Current situation

Hot, dry weather continues to dry out fuels. That makes any fires that do get started likely to spread quickly and be harder to put out. As a result, many ODF districts and forest protective associations are tightening restrictions on activities linked to fire starts. For example, fire danger in the Douglas Forest Protective Association and The Dalles Unit of ODF's Central Oregon District is now rated as extreme. Check ODF's fire restrictions and closures web page for the latest details at

Thursday, August 26, 2010

Picnic Creek Fire News - ODF and Mt Vernon Rural

Fire News – August 26, 2010 at 8:00 p.m. PDT

Contact: Angie Johnson, Oregon Department of Forestry, (541) 620-4360

Picnic Creek Fire – Final News Release
Date Started: 8/26/2010 at 5:21 p.m. PDT
Cause of Ignition: Human (State Fire Marshall’s office is investigating cause)
Location: 8 miles west of Mt. Vernon, south of Hwy 26
Approximate Size: 20-30 acres
Percent Contained: 0%; containment expected late this evening.

Resources include:  5 engines from Oregon Department of Forestry, 1 engine from US Forest Service, and all of Mt. Vernon Rural Protection District; 1 Tender from Oregon Department of Forestry; 2 Dozers; 1 Helicopter (ODF) secured by Mt. Vernon Rural; Grant County Sheriff’s Office, Oregon State Police, State Fire Marshall’s Office, and Oregon Department of Transportation also contributed to the effort.

Protection Agency Responsible: Mt. Vernon Rural Protection District.

Additional information: Oregon Department of Forestry and US Forest Service assisted Mt. Vernon Rural Protection District with a fire in their district located in the Picnic Creek drainage, 8 miles west of Mt. Vernon. High winds pushed the fire near the vicinity of 20 structures; one confirmed outbuilding, possibly two outbuildings were destroyed. The use of engines, dozers, and a helicopter has prevented any significant fire spread at this time. Winds have died down considerably, giving crews the upper hand. Crews hope to have the fire lined later this evening. The fire is under investigation by Oregon State Fire Marshall’s office.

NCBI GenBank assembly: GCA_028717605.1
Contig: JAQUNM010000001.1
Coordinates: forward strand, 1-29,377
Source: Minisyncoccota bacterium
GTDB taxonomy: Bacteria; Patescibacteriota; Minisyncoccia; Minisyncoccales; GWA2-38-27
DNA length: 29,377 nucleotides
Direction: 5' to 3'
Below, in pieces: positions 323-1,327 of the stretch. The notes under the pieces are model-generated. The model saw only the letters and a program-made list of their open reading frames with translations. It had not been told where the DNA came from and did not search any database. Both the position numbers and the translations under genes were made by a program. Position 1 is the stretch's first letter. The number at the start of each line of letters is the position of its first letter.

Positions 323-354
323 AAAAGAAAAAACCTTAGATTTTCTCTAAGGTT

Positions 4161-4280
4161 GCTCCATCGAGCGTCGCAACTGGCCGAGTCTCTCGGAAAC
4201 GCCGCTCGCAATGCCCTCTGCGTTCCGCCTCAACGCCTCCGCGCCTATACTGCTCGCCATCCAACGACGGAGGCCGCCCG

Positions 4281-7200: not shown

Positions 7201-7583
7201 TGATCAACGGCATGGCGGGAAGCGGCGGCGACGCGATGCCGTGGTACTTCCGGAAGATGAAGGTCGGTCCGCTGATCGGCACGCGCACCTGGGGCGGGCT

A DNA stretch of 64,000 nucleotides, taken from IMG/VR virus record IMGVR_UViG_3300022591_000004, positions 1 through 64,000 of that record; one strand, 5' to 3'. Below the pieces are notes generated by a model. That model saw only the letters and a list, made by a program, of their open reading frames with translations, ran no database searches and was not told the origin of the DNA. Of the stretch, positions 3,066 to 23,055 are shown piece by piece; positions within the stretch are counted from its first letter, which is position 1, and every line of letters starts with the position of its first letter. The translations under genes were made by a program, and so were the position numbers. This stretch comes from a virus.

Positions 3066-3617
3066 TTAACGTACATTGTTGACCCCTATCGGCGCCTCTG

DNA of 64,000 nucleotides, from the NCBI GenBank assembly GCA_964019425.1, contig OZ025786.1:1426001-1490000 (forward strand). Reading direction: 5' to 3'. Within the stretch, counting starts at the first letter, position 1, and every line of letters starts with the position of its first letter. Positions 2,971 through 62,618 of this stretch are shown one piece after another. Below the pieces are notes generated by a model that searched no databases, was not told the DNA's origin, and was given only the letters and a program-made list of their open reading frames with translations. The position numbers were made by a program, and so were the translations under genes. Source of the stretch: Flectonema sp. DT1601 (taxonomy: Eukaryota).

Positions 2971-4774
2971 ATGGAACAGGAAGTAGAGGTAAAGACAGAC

Weather:  With nightfall, the temperature has dropped nearly 30 degrees on the fire line. Currently it is 66 degrees. Winds have died down and relative humidity has increased.

Closures: At this time, there are no closures in place.



Jeri Chase
Oregon Department of Forestry
PH: 503-945-7201
Fire Duty Officer Pager #: 503-370-0403

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Current wildfire info

National weather forecasters are predicting the summer of 2018 will see above average temperatures and below average rainfall. Drought has already been declared in a number of counties in eastern and southern Oregon, with northwest Oregon also unusually dry for June. These conditions set the stage for potentially large, fast-moving wildfires.

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Protection jurisdiction
The Oregon Dept. of Forestry protects 16 million acres of private and public forestlands from wildfire. This includes all private forestlands in Oregon as well as state and local government-owned forests, along with 2.8 million acres of federal Bureau of Land Management lands in the western part of the state. In total there are about 30.4 million acres of forest in Oregon.

Fire suppression policy
The department fights fire aggressively, seeking to put out most fires at 10 acres or smaller. This approach minimizes damage to the timber resource and fish and wildlife habitat, and protects lives and property. It also saves money. While suppressing large fires can cost millions of dollars, economic and environmental damage from wildfires can be many times greater.


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Oregon Dept. of Forestry's public information officers in Salem, Ore., maintain this blog. During the wildfire season, we spend much of our time reporting on fires and firefighting to news media and the public.